It's the very latest kid on the smartphone (flagship) block and it has got a much better than expected camera. But can the OnePlus 3 defeat the Lumia 950 XL in terms of imaging? I've already compared the two devices in detail, but it's time for the cameras to shine. And they do - the OnePlus 3 is no slouch in this regard!
When it comes to 2016 specifications at the flagship level, we're talking screens up in the 5.5"+ region, fast processors, killer cameras, and so on. Microsoft's Windows 10 Contender is the Lumia 950 XL and seemed relatively competitive until I put it side by side here with the very latest bargain du jour, the OnePlus 3. How do the two flagships stack up, blow by blow?
One aspect of the Microsoft ecosystem which we've never covered on AAWP is Microsoft Family. This is a cross-device, cross-account monitoring system for you to manage what your family gets up to on their Windows smartphones. It had been heavily re-engineered and rebranded for Windows 10 and, thanks to reader Julian Grail, we've been sent a real world report of what one of his kids has been getting up to (suitably redacted). Very interesting.
In a blog post, Microsoft has announced that the old Windows Phone 8.1 'Kids Corner' feature is to be retired for the upcoming Windows 10 Mobile Anniversary Update (a.k.a. Redstone), citing low usage. Hardly surprising, since Apps Corner, also built in, is more flexible and can do the same job for most people. Here's how to get going with it.
I'm sorry, but I've been patient long enough. I've suffered through a dozen builds under various Insider 'rings', installed on at least six different phones in varying states of readiness. And there's one bug in Windows 10 Mobile which I just can't keep silent about any longer. And oddly I've not seen anyone else complain about it, at least not yet, which is why I wanted to vent here and check that I'm not totally alone. The issue is that Windows 10 Mobile's pop-up (volume button) media controls are utterly broken.
Although it's noteworthy that Daniel over at WC in the USA, armed with an internal build of Microsoft Wallet on the latest Insiders build of Redstone and with the very latest Bank of America UWP, was able to buy a hamburger using just his Lumia 950, it's fair to say that it'll be several months at least (if not years) before this hits the mainstream, i.e. Windows 10 Mobile devices around the world with appropriate banking applications on the platform and with the service enabled in their home countries. But a recent deficiency in the Lumia 950 XL reminded me of another really convenient use (or two) for NFC in our modern smartphones....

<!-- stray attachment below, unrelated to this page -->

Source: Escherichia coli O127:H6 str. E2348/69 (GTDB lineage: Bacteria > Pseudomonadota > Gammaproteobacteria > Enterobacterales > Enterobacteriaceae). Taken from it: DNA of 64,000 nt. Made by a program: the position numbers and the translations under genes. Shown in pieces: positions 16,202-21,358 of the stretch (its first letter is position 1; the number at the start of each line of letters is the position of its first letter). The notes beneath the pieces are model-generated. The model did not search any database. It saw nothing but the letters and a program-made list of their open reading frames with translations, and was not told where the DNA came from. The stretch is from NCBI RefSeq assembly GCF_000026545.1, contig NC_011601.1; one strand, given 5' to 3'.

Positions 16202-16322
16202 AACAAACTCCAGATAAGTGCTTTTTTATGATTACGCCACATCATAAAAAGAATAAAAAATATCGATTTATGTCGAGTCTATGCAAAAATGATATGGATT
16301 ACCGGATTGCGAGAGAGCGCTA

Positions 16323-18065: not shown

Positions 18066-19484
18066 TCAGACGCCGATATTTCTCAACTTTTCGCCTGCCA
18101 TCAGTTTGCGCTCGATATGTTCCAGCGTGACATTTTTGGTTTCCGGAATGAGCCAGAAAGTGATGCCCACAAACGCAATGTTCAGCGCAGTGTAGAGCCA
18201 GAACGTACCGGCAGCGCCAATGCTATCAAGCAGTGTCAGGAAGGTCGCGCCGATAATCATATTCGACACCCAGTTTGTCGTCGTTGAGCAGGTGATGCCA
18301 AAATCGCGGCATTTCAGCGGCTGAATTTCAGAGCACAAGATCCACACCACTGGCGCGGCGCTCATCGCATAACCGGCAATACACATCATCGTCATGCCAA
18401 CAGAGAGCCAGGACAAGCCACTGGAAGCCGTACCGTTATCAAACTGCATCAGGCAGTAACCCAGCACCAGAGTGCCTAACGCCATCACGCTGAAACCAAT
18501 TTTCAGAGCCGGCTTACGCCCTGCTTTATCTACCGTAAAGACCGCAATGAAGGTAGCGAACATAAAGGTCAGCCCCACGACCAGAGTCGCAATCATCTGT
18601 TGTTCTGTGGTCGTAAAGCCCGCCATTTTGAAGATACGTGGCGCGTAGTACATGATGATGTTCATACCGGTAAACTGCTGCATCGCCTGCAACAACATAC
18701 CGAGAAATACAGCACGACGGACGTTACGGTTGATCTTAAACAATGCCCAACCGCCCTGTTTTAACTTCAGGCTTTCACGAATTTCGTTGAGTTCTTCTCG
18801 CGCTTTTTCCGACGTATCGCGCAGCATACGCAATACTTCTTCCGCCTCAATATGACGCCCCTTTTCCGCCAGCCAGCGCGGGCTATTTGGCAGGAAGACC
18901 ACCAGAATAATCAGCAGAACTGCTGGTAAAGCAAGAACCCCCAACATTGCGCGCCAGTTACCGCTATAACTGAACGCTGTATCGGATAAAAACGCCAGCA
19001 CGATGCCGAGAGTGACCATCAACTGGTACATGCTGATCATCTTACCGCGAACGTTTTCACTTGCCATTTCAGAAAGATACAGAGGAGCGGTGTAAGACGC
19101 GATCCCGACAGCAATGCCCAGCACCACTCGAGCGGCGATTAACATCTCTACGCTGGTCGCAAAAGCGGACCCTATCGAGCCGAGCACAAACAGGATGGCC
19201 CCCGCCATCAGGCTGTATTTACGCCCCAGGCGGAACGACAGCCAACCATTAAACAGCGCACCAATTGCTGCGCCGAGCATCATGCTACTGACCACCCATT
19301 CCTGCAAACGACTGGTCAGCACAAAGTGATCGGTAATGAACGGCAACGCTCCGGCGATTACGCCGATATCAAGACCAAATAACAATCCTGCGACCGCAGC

Although not directly relevant to Windows Phone or Windows 10 Mobile, the drop in Microsoft's bank balance of $26.2 billion is certainly significant in the wider scheme of things and I wanted to at least link to this story, adding some quotes from people and sites in the industry that I trust. What does it all mean? I'll be asking Rafe that on the podcast very shortly too, of course.
It's all very well having been accustomed to the Microsoft pairing of the Lumia 950 and 950 XL, but there's a good chance that we won't see any new hardware from Microsoft until 2017, in which case any upcoming device excitement will come from Microsoft's partners. We already know of a few of these, so I thought a detailed comparison might be in order. Is the 950 XL still going to be top of the heap or are there other subtleties involved?
I've flip-flopped a number of times on the advisability of going with Windows 10 Mobile (via the Insiders Release Preview ring) on the classic Lumia 1020. And you've all had your say a few times. But I wanted to revisit the subject again. Partly because of the sense of urgency - this month may be the last in which it's possible to do the upgrade (before the Release Preview ring gets switched to 'Redstone' and the 1020 is de-provisioned from the programme) - but also partly because of the impressive number of new builds and core application updates that have appeared in the meantime.
A couple of years ago I updated a long running theme and series, given that I/we usually cover platforms for which 'apps' (i.e. dedicated, iconed, optimised third party applications) seem to be in shorter supply than for other mobile platforms. So here's the updated version for 2016, pointing out that using the Web can be just as effective for many services as having an 'app' (many of which are merely wrappers around mobile web sites anyway). True, there are some 'misses' here, feel free to suggest your own, but it's not all bad news.